Perspective from Andrew Gettinger, MD
Source/Disclosures
Disclosures: Classen reports receiving grants from the Gordon and Betty Moore Foundation and Robert Wood Johnson Foundation and serving as an employee of Pascal Metrics, a federally certified patient safety organization, outside the submitted work. Ratwani reports receiving funding from the Agency for Healthcare Research and Quality. Please see the study for all other authors’ relevant financial disclosures.
July 21, 2020
2 min read
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Safety performance of EHRs vary widely

Perspective from Andrew Gettinger, MD
Source/Disclosures
Disclosures: Classen reports receiving grants from the Gordon and Betty Moore Foundation and Robert Wood Johnson Foundation and serving as an employee of Pascal Metrics, a federally certified patient safety organization, outside the submitted work. Ratwani reports receiving funding from the Agency for Healthcare Research and Quality. Please see the study for all other authors’ relevant financial disclosures.
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Despite the broad adoption and optimization of electronic health records over a 10-year period, researchers reported “wide variation” in the safety performance of operational EHR systems.

David C. Classen, MD, MS, research professor in the department of internal medicine at the University of Utah, and colleagues noted that EHRs have been used to safeguard against medical errors, but recent evidence suggests that medication safety and overall safety problems are “still unacceptably high.”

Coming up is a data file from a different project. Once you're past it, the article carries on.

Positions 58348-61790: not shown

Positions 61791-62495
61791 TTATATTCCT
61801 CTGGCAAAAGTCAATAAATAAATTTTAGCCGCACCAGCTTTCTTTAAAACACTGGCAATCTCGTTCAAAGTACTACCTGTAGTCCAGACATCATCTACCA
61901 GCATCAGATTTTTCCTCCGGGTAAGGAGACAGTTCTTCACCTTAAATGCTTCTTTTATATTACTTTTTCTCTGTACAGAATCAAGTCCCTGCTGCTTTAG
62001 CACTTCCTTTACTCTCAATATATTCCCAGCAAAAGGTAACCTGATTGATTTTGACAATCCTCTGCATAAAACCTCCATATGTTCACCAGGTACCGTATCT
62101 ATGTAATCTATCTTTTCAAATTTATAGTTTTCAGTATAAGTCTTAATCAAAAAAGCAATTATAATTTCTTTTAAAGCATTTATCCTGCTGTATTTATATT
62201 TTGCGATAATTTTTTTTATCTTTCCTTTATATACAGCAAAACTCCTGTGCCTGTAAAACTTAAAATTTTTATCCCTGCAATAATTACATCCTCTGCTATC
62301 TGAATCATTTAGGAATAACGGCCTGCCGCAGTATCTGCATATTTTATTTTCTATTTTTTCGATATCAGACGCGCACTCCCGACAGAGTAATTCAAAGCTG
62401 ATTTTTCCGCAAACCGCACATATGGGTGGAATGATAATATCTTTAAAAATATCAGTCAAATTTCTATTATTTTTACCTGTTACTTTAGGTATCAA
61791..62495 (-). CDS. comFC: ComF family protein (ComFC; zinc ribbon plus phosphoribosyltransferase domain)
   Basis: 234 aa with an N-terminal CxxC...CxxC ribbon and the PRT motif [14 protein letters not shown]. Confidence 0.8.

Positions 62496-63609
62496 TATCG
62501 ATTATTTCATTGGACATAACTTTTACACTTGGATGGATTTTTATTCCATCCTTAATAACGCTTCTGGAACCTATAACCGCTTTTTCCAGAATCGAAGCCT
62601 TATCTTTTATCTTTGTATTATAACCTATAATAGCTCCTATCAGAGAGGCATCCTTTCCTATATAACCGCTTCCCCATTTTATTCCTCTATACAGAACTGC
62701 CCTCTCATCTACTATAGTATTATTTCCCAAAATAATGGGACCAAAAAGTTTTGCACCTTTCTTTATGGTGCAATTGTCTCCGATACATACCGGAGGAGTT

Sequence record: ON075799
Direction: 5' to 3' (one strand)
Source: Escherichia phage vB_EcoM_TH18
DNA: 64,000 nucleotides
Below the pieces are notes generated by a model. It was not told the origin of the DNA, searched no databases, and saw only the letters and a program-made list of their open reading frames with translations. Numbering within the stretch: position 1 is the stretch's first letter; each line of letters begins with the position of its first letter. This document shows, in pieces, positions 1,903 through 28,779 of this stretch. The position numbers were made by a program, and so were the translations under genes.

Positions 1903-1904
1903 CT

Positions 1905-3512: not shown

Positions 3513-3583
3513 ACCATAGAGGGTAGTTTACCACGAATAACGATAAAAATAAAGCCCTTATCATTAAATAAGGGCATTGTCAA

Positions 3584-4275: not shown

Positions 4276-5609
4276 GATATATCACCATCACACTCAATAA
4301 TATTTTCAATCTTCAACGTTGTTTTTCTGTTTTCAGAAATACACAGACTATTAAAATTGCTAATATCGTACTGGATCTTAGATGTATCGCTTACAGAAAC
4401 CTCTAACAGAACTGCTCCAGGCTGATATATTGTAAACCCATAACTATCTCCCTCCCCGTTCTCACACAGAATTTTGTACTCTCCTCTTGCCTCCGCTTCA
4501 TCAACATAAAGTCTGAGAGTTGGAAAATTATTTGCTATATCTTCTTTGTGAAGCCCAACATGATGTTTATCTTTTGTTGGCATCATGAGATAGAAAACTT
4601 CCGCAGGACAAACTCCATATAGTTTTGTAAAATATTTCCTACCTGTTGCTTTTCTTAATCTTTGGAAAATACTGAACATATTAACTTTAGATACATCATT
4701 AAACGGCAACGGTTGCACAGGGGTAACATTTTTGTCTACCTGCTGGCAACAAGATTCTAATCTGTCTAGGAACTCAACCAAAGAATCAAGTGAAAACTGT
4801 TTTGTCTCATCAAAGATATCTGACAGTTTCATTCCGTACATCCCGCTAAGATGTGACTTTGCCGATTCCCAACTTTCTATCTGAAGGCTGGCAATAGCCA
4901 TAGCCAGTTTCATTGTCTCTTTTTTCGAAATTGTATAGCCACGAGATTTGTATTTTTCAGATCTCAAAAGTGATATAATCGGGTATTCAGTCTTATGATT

Physicians have come to rely on [EHR systems] to ensure their patients get safe care.” The source of the quote is David C. Classen, MD, MS.

Researchers analyzed data from the National Quality Forum Health IT Safety Measure — a computerized physician order entry and EHR safety test — from 2009 to 2018. The test uses simulated medication orders that have either injured or killed patients in the past to determine how well hospital EHRs can identify those errors. Most of the 2,314 hospitals that participated had 100 to 399 beds; were part of a health care system; were located in urban areas; had private, nonprofit ownership; and/or were in the Southern United States. All hospitals had at least 1 year of test results.

Researchers found that among 8,657 hospital-years, mean scores on the overall test increased “modestly” from 53.9% (standard deviation, 18.3%) in 2009 to 65.6% (standard deviation, 15.4%) in 2018. During the same timeframe, mean hospital scores for basic clinical decision support increased from 69.8% (standard deviation, 20.8%) to 85.6% (standard deviation, 14.9%), and scores for categories representing advanced clinical decision support rose from 29.6% in 2009 (standard deviation, 22.4%) to 46.1% (standard deviation, 21.6%).

Classen and colleagues emphasized that there was significant variation in safety performance across vendors, and vendor choice explained about 10% of the variation they observed.

“One of the selling points by EHR vendors to physicians was that these systems would markedly improve the safety of care for their patients,” Classen told Healio Primary Care. “This was felt to justify the expenses and big impact on physician workflow. Our study shows that is not the case. This is important because physicians have come to rely on the system to assure their patients get safe care.”

In a related editorial, Raj M. Ratwani, PhD, director of the MedStar Health National Center for Human Factors in Healthcare, encouraged hospitals and other health care facilities to immediately begin using existing EHR safety assessment test case scenarios regularly, particularly after EHR system downtimes, upgrades, or other changes “to advance EHR safety.” He added that long-term solutions include making EHR safety assessment methods part of a hospital’s accreditation process.

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